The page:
“It’s only 19 sleeps until Christmas,” my six-year-old pipes up as I tuck him up for the night.
Chance would be a fine thing.
There’s shopping to do, cards to write, decorations to hang and festive cheer to be shared.
Not to mention the ever increasing to-do-list, growing pile of washing, dinners to cook and chauffeuring to be done.
I haven’t the heart to tell him ‘Santa’ hasn’t yet managed to start the present shopping this year.
This is pretty typical of the big red fella if you ask me.
He always makes sure everything is just perfect when the kids wake up on Christmas morning but it is the mums who take all the strain in the build-up.
In fact there is a definite theme when it comes to gender roles over the festive season.
A bit like the three wise men who eventually turned up with gold, frankincense and myrrh.
Mary would have been much better off with three women visitors who would have no doubt made sure they had reliable directions, turned up on time, helped look after the baby, produced some homemade meals to keep her going and given a useful gift like a pram.
And let’s not get started on the shepherd and his gift of a sheep.
We all know who would have ended up cleaning up after that.
Don’t get me wrong – Christmas is my favourite time of the year and I love every part of it.
It is just there are so many parts of it and they should all have been organised already.
I take great cheer from the many mums who stand at the school gate wishing there wasn’t so much to sort in less than three weeks.
I smile sweetly while gritting my teeth and listening to the ones who already have everything wrapped and labelled.
They are definitely in a minority although most are more organised than me.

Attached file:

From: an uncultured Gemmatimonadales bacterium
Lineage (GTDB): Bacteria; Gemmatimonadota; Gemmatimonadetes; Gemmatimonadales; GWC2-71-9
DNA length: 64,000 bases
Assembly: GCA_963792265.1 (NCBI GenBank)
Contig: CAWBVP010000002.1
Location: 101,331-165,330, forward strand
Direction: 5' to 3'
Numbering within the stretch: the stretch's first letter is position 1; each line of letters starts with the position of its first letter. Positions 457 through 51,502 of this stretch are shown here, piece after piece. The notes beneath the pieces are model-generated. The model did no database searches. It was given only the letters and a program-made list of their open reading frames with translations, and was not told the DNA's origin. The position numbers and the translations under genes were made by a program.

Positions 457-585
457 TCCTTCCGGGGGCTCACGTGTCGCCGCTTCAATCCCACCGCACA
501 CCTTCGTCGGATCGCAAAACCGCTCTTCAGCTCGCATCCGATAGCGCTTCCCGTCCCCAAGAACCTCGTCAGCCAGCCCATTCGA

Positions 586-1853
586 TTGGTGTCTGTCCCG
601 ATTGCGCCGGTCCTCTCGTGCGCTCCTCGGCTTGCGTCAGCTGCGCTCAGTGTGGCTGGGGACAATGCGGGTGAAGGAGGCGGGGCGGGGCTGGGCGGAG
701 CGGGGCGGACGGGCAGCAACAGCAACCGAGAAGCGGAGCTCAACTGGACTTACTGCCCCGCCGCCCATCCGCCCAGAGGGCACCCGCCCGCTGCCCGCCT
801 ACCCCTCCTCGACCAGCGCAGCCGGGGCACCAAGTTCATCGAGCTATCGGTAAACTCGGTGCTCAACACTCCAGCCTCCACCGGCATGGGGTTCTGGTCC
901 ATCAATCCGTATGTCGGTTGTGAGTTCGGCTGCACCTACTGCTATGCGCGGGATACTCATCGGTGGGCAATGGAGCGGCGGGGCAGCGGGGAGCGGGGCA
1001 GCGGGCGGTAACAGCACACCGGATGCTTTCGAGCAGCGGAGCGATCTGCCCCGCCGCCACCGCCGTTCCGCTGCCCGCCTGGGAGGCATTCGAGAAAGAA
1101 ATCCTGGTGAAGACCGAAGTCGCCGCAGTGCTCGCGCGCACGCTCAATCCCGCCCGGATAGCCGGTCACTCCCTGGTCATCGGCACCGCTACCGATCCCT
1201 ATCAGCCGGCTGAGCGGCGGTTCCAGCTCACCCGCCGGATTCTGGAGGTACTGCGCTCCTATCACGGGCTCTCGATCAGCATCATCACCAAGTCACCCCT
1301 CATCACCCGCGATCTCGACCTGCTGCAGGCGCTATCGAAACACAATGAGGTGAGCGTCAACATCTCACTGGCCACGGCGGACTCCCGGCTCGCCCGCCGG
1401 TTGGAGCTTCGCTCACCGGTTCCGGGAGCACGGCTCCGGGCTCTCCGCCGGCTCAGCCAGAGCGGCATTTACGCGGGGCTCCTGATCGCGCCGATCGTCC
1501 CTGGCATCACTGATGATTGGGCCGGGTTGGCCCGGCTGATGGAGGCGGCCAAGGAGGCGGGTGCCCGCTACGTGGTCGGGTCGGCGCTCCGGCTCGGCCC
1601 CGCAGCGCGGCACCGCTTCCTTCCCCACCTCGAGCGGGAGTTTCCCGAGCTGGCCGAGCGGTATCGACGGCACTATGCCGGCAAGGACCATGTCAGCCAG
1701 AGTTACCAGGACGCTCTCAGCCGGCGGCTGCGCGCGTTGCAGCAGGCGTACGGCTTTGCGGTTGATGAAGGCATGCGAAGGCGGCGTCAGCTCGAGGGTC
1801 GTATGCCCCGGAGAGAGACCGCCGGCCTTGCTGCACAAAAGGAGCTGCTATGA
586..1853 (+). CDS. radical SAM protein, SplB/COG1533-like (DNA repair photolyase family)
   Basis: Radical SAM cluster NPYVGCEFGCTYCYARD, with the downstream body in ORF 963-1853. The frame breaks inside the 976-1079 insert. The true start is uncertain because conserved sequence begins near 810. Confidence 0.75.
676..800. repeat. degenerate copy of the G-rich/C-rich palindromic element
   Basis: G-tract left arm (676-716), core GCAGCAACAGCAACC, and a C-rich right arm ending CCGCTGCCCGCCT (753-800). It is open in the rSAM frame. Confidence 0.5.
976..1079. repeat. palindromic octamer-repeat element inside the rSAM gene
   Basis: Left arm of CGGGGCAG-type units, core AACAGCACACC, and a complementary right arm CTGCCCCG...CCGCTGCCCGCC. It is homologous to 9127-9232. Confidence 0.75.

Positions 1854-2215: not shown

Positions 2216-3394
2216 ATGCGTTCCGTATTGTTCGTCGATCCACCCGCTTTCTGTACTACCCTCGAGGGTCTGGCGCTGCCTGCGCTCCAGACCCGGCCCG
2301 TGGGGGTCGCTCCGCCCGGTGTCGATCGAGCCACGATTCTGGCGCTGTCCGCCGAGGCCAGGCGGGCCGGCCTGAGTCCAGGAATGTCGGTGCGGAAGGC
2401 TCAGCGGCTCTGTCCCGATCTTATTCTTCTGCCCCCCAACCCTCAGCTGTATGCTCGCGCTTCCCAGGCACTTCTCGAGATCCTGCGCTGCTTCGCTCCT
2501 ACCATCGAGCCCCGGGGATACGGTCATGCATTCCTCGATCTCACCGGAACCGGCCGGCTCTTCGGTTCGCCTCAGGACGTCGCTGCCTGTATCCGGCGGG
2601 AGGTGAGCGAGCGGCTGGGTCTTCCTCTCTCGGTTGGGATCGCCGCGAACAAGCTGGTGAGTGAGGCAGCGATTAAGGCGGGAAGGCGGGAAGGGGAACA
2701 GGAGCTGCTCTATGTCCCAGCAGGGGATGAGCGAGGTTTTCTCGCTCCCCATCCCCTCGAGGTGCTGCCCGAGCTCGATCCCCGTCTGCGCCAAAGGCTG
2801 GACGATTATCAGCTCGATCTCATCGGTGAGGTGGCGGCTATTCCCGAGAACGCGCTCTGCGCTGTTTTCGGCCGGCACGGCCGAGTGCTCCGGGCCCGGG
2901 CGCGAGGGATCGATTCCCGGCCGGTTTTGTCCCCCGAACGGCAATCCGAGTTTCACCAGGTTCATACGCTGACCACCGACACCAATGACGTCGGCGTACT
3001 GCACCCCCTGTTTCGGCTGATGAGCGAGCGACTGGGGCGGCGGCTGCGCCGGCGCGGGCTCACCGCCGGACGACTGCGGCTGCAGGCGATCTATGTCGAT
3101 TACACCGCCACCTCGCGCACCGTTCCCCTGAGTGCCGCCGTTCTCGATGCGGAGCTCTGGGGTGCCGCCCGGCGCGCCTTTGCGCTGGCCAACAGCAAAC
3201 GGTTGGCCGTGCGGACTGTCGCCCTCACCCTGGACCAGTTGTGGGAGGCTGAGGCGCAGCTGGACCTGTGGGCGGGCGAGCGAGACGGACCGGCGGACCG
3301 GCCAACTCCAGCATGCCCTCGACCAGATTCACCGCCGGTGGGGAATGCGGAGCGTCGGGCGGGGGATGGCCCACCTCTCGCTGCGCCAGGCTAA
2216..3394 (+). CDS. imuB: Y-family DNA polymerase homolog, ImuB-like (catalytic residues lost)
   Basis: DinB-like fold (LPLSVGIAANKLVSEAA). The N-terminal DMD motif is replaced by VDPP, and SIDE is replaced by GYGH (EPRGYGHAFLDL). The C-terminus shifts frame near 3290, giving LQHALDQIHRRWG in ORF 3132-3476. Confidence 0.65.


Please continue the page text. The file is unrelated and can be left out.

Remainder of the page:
I would love to blame the balance of work, three kids, uni course and life but surely I could have managed to buy at least a couple of presents before December hit?
Ok, I am exaggerating slightly. I posted off presents to my nephews in New Zealand way back in September.
The aim was to save money by avoiding airmail.
I’d missed the deadline for seamail but had my fingers crossed they would get there before December 25.
Four days later my sister called to say the parcels had arrived.
Was she sure? At the other side of the world?
I’ve known letters take longer to get from Heeley to Hillsborough than that.
Perhaps it was this unexpectedly early arrival which lulled me into a false sense of security.
I had a big, proud tick against an important part of my list and that has been enough to keep me going for weeks.
So here we are, December 6 and not a single other present purchased.
My two eldest children seem to have Christmas lists that grow longer the later I leave the shopping.
Fortunately my third is too young to know anything about Christmas – although the fact he turns one in 11 days time is adding to the chaos.
That’ll be more things on the shopping list then.
To avoid the crowds it will have to be either 11pm at Meadowhall or sharp elbows during the Fargate lunchtime hustle.
After all Santa never disappoints no matter how tired, stressed and overworked.
And as for 19 sleeps ... well if the baby manages just a couple of unbroken nights out of those, then Christmas might just happen in our house after all.